IN the past decade, advocates have targeted a score of foods as unsafe to eat. Now a debate seems to be breaking out over a product once considered a mealtime staple: whole milk.
The immediate focus of the debate is the National School Lunch Program, a $4.72 billion operation that is required under federal law to offer a choice of either whole or low-fat milk to 25 million schoolchildren.
Sen. Richard Lugar (R) of Indiana has introduced legislation to overturn that regulation, giving the 29,000 schools in the lunch program the choice of serving either whole fat, low fat, or skim milk.
Although the legislation would leave schools free to serve whole milk, many schools would choose to serve only low-fat milk, says Kevin Dando of the American School Food Service Association (ASFSA), which represents 65,000 cafeteria workers across the country.
The association supports the legislation, Mr. Dando says, because the Lugar bill will give "greater flexibility to schools" in making their milk purchases.
Few outside the Senate had heard of Lugar's bill, introduced in February 1991, until it received the support of a prominent booster: Philip Sokolof, the Omaha millionaire who has made a crusade out of convincing big food companies to serve lower-fat products.
After winning battles to lower the fat content of products ranging from cookies to fast-food french fries, Mr. Sokolof has launched a costly campaign to convince Americans to switch from whole milk to the low-fat or skim varieties. He fired what he calls the opening volley of his campaign in early June with a series of full-page advertisements that read "CONGRESS, STOP USING OUR KIDS AS A DUMPING GROUND FOR DAIRY FARMERS!"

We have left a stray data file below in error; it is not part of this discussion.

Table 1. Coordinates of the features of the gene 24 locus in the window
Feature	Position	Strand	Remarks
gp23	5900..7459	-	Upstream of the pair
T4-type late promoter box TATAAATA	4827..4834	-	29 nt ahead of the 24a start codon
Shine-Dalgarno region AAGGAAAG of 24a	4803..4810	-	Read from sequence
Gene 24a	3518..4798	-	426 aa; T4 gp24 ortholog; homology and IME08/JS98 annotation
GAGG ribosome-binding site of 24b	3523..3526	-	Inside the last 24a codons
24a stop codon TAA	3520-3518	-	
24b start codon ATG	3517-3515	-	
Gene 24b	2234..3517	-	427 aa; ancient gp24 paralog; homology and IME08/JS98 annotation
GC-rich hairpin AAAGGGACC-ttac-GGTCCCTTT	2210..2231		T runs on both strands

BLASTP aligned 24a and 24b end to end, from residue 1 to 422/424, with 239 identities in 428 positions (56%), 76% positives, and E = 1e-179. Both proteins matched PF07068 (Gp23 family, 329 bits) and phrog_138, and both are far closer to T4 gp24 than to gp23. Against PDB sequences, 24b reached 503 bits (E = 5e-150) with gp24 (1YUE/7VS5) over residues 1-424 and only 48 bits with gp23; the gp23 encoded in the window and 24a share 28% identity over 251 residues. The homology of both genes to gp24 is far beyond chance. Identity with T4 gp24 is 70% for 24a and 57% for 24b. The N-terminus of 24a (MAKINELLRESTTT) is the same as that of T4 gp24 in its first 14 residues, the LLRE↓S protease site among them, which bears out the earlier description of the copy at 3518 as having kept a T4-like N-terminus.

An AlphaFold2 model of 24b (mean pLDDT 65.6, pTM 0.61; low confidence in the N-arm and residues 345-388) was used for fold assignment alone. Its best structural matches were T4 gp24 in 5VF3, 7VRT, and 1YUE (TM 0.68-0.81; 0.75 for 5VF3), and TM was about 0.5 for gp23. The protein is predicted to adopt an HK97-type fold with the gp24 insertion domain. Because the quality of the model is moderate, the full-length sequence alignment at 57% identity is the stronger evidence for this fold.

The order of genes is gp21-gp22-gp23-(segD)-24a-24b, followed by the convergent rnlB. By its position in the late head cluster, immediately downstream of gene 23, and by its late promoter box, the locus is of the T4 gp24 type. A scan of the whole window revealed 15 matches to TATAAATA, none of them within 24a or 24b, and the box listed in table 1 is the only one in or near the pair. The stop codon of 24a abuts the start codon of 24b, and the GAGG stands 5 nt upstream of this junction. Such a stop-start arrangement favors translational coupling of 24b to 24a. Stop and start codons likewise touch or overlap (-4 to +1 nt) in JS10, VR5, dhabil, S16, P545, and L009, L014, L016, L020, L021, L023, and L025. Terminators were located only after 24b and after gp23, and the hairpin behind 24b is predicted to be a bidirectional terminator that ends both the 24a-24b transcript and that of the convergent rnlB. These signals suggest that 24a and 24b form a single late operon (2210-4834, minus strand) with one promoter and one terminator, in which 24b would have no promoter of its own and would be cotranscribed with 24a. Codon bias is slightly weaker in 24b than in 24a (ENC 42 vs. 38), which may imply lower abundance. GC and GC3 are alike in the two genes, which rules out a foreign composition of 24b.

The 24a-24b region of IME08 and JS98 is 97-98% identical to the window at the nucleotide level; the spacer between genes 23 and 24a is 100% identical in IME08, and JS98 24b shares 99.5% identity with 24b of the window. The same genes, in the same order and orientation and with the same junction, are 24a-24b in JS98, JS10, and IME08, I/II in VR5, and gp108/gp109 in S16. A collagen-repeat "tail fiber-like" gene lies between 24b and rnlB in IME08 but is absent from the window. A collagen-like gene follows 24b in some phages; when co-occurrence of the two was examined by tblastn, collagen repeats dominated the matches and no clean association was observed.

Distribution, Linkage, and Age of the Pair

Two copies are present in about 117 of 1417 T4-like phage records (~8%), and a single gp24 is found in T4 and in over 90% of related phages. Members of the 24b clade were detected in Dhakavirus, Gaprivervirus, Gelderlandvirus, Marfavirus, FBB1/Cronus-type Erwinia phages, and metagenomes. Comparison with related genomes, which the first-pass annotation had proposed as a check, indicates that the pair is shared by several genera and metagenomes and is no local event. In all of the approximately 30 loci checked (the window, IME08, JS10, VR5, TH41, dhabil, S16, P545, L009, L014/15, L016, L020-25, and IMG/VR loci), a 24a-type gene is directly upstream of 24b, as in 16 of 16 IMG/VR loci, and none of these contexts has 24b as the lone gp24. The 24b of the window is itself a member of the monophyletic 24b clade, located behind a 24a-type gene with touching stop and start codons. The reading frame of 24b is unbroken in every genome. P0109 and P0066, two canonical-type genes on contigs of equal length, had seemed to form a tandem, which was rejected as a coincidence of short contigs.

The ads, which cost $220,000, appeared in The New York Times, The Washington Post, USA Today and five other major newspapers.
ASFSA's Dando praises Sokolof's advertisements as helpful in generating momentum, but he adds that parts of the ads were "rather misleading" - for example, a section that said "our children are eating food doused in highly saturated fat butter."
"Food in school lunches is not doused in butter," Dando says indignantly.
Dairy farmers are even less happy with Sokolof's campaign.
The National Milk Producers Association, which represents over half of all United States dairy farmers, is lobbying hard against the Lugar bill.
"It's not true that whole milk is bad for you," argues Jeanine Kenney, a milk producers' lobbyist. She points to studies that suggest growing kids need more fat than adults.
The milk industry, which had sales of $18.1 billion last year, is concerned that the Lugar bill would hurt its bottom line. Milk consumption declined by 5 percent in the 1980s, although consumption of skim and low-fat milk increased dramatically. The overall slump in sales occurred because many of those who stopped drinking whole milk do not like watery skim milk, Ms. Kenney says.
"Some people just prefer the taste of whole milk," Kenney explains. "If you take away that option [from school kids], they will simply stop drinking milk."
Strong opposition to Lugar's bill from Sens. Dave Durenberger (R) and Paul Wellstone (D) of Minnesota, along with other dairy state representatives, has stalled the legislation in committee.
Senate staff members say they have no idea when the bill will be voted upon.
Sokolof himself admits that the Lugar bill probably will not pass this year. But he is "almost positive" that it will pass next session - thanks to the public attention he has directed towards the issue.
"You can intimidate senators if you can get a message to the public," Sokolof says confidently. "They are responsive to public opinion."